Then the fun begins! Start carving. This wasn’t as difficult as I thought but not that easy either.  I was still in rubber stamp mode – which is a bit like a hot knife through butter and long strokes – with wood engraving it’s more short and sharp. Ben demonstrated a number of different ways to carve the wood block and off we went.

Ben Goodman - Wood engraving demonstration
Ben Goodman – Wood engraving demonstration
Wood engraving - carving my wood block
Begin carving Wood Block
Wood engraving - image carved on Wood Block
Bat Image Carved on Wood Block

You can also add chalk dust to the image to see the lines better and then you can refine the carving if necessary.

Wood Engraving - chalk dust on image
Chalk Dust on Wood Engraving

Here is my little bat inked up.

Wood engraving - ink on wood block
Wood Block Inked Up

And here is the first print taken by placing paper on the wood block and going over the back with a bone folder. I messed up the eyes a bit but Ben helped me rescue it – I couldn’t get my head around the process of carving the circle around the eyes – especially at this size. Ben explained this in simple terms and demonstrated how this could be done – so I managed to do it – which is no mean feat given my level of confusion and effort to get this straight in my head 🙂

Wood Engraving - Bat Print
Wood Engraving – Bat Print

This is Ben demonstrating the process on one of his wood blocks and then the final print. You can also see a sheet of glass with ink on it. The ink is rolled on to the glass plate “until you get a thin layer that resembles velvet”. The the ink is applied to the wood block with a roller.

Wood engraving - printing
Paper on Wood Block – Printing with bone folder

Having gone through the process you realise the skill required to produce the image below – not to mention extreme patience!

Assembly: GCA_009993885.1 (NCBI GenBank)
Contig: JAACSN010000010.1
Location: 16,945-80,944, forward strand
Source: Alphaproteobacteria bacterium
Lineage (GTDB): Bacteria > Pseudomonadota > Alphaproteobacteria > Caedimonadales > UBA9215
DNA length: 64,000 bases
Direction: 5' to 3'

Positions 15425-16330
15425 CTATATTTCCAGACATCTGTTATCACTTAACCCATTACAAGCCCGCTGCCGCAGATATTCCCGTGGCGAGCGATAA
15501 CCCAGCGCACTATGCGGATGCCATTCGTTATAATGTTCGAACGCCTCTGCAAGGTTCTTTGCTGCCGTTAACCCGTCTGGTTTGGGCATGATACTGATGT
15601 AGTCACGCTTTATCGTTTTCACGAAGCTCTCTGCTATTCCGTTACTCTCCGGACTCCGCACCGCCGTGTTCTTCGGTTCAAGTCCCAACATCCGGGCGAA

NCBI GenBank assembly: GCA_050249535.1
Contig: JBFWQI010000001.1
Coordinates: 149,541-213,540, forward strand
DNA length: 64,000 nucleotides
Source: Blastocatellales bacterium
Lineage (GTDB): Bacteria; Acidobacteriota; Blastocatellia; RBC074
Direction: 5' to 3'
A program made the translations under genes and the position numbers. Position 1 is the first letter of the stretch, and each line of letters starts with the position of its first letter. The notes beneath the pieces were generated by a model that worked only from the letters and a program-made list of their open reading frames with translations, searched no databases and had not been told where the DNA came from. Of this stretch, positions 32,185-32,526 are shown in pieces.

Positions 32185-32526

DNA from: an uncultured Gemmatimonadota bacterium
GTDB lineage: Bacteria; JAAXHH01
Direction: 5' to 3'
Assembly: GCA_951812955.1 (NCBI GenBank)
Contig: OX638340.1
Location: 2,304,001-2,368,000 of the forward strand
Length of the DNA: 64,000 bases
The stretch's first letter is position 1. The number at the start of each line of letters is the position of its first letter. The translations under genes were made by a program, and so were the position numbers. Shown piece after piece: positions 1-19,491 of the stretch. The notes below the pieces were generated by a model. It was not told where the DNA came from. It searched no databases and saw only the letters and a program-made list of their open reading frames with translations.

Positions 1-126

Ben Goodman - Wood Engraving Print
Ben Goodman – Wood Engraving Print

You have to continually sharpen the engraving tool as you go – you will feel it become blunt as you carve. This was also demonstrated to us.

Sharpening wood engraving tools
Ben Goodman – Sharpening wood engraving tools

We also got a chance to make prints using this lovely printing press. Just a quick run through of the process below.

Beautiful old printing press
Printing Press – CFPR, UWE Bristol
Wood Engraving using printing press
Wood Block on printing press – place paper on top
Wood engraving printing press
Turn the handle on the Printing Press
Wood Engraving Print Process
Print Process Wood Engraving
Wood Engraving Print Process
Print Process Wood Engraving

To finish here are some more images of a print produced on the course and one of the wood blocks carved by my classmates. So if you are teetering on the brink I am hoping this gives you some idea of what to expect and maybe try this out.

I visited the Society of Wood Engravers Exhibition in London the year before last and was totally blown away by the work there. Now that I’ve actually had a go myself and realise the hard work, skill and patience required I am even more impressed!  Having said that, it’s not as scary as I thought it would be and I was surprised and pleased with my print.

Here is the link for this year’s course and also a link to the Society of Wood Engravers website with lots of information, advice and beautiful work.

Wood Engraving - UWE CFPR, Bristol
Wood Engraving
Wood engraving Wood block
Wood Block – Wood Engraving

2 thoughts on “Wood Engraving, 1 Day Course, UWE Bristol”

  1. Thank you – yes it is great that these skills are being kept alive – agreed about bats – and what wonderful bats you have in Australia 🙂